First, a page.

Marc Chandler headshot on a blue background with stock market graph illustration
Marc Chandler headshot on a blue background with stock market graph illustration

Market Update, February 2024

Insights from Marc Chandler, Managing Director and Chief Market Strategist, Bannockburn Global Forex, a First Financial company.

Rarely are officials able to achieve the proverbial economic soft-landing when higher interest rates help cool price pressures without triggering a significant rise in unemployment or a contraction. Yet, without declaring victory, the Federal Reserve seems to have higher confidence that this will be achieved.

A combination of stronger than expected US economic data and guidance by Federal Reserve officials have encouraged the market to temper its pessimism. Late last year, the market had the first interest rate cut fully priced in for March this year, and 170 bp of cuts were expected for all this year. The two-year Treasury yield fell more than 100 bp from mid-October 2023 to the middle of last month. Long-term interest rates, including mortgage rates fell.

The decline in interest rates, in turn, helped lift the stock market. The S&P 500 rallied 11.25% in Q4 23, its best quarterly performance in three years. Much focus is on the narrow breadth of the market, as the Magnificent 7 (Apple, Amazon, Nvidia, Tesla, Microsoft, Meta, and Alphabet), which has replaced the FANG (Facebook, Amazon, Apple, Netflix, and Google), lead the way. Yet, the Russell 2000, which is an index of the shares of the 2000 smallest companies, gained 13.5% in Q4 23.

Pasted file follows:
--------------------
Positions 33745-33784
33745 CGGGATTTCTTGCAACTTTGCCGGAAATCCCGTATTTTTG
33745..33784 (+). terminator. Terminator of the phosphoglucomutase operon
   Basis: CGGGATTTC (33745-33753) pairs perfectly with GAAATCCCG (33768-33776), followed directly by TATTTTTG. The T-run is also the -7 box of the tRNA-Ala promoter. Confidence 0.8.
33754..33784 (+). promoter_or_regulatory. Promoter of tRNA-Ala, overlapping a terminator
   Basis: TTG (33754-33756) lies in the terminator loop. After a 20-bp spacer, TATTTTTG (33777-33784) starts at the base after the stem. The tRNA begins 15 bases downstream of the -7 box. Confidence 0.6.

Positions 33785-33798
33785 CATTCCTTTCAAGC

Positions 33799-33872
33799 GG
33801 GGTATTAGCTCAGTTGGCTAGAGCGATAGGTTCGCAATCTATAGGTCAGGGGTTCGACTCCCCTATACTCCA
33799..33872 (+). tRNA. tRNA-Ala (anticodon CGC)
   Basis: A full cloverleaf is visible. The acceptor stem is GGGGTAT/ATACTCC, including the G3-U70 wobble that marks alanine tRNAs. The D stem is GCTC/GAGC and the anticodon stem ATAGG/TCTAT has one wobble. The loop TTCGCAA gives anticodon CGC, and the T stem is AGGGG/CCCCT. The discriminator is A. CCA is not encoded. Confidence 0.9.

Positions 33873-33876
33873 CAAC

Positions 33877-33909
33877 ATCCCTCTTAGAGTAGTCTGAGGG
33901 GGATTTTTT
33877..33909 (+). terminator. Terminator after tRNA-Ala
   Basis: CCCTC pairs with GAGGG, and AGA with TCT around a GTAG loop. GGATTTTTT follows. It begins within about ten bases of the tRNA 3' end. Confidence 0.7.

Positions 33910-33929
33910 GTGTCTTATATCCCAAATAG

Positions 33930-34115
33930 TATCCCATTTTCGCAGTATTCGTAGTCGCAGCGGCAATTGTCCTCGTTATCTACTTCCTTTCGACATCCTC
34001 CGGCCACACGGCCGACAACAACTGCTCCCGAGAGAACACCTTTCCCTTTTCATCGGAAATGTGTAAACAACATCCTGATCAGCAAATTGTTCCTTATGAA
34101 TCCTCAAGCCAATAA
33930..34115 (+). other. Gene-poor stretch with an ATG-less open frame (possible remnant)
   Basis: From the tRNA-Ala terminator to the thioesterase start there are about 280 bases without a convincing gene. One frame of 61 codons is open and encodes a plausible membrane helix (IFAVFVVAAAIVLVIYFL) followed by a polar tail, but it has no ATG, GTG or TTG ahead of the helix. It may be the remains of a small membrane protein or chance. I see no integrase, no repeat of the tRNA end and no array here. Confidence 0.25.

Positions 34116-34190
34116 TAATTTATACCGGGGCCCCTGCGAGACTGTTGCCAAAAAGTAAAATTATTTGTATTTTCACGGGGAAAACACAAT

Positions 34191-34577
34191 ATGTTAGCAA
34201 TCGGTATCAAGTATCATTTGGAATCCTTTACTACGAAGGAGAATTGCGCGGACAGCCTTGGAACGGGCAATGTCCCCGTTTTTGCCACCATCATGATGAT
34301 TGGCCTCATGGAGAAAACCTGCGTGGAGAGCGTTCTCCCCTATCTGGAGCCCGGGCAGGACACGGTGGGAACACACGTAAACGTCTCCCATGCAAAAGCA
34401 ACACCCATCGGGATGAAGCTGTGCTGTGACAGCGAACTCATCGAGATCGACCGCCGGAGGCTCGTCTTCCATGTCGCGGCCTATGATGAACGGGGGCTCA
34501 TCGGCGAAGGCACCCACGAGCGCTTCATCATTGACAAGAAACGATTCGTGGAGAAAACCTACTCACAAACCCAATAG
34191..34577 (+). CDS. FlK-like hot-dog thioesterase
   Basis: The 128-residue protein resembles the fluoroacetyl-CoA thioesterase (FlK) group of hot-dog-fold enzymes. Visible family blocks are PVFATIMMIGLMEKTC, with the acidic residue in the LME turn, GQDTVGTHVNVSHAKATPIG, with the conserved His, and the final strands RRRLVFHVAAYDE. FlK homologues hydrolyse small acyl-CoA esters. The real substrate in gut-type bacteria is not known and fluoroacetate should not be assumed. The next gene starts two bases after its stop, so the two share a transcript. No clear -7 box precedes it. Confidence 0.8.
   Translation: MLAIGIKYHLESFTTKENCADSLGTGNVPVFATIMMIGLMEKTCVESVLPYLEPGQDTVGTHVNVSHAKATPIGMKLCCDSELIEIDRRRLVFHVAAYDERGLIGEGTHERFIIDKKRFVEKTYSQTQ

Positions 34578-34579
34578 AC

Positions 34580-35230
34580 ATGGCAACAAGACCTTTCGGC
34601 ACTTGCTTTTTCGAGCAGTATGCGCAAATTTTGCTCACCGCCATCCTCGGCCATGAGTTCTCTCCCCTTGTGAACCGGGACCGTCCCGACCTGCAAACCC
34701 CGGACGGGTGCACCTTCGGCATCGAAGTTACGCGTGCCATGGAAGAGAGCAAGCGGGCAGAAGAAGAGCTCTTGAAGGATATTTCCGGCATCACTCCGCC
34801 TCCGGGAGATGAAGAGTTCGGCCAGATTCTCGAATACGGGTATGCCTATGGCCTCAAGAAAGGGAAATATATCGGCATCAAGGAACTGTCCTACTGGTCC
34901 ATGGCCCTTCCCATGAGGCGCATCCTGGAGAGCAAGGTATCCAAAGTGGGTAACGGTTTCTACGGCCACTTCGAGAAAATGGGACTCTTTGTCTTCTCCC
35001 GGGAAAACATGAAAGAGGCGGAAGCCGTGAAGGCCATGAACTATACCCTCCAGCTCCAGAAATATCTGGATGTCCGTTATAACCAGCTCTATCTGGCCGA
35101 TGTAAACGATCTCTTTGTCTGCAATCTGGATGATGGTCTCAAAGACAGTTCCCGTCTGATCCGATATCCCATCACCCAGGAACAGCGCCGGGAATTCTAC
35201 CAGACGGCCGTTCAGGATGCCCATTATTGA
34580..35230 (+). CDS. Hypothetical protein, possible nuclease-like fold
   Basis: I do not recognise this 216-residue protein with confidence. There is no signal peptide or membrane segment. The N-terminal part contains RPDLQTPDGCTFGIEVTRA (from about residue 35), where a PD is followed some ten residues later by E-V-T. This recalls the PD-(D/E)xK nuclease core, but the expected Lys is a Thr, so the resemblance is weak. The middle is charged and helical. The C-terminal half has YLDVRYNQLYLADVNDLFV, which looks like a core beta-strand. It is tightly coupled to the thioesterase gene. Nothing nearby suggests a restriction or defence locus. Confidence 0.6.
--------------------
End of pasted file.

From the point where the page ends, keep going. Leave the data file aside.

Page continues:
Falling interest rates knocked a leg out from the under the dollar. The greenback fell against all the major currencies in Q4 23. JP Morgan’s Emerging Market Currency Index had its best quarter of the year, rising 2.35% against the dollar in the last three months of 2023.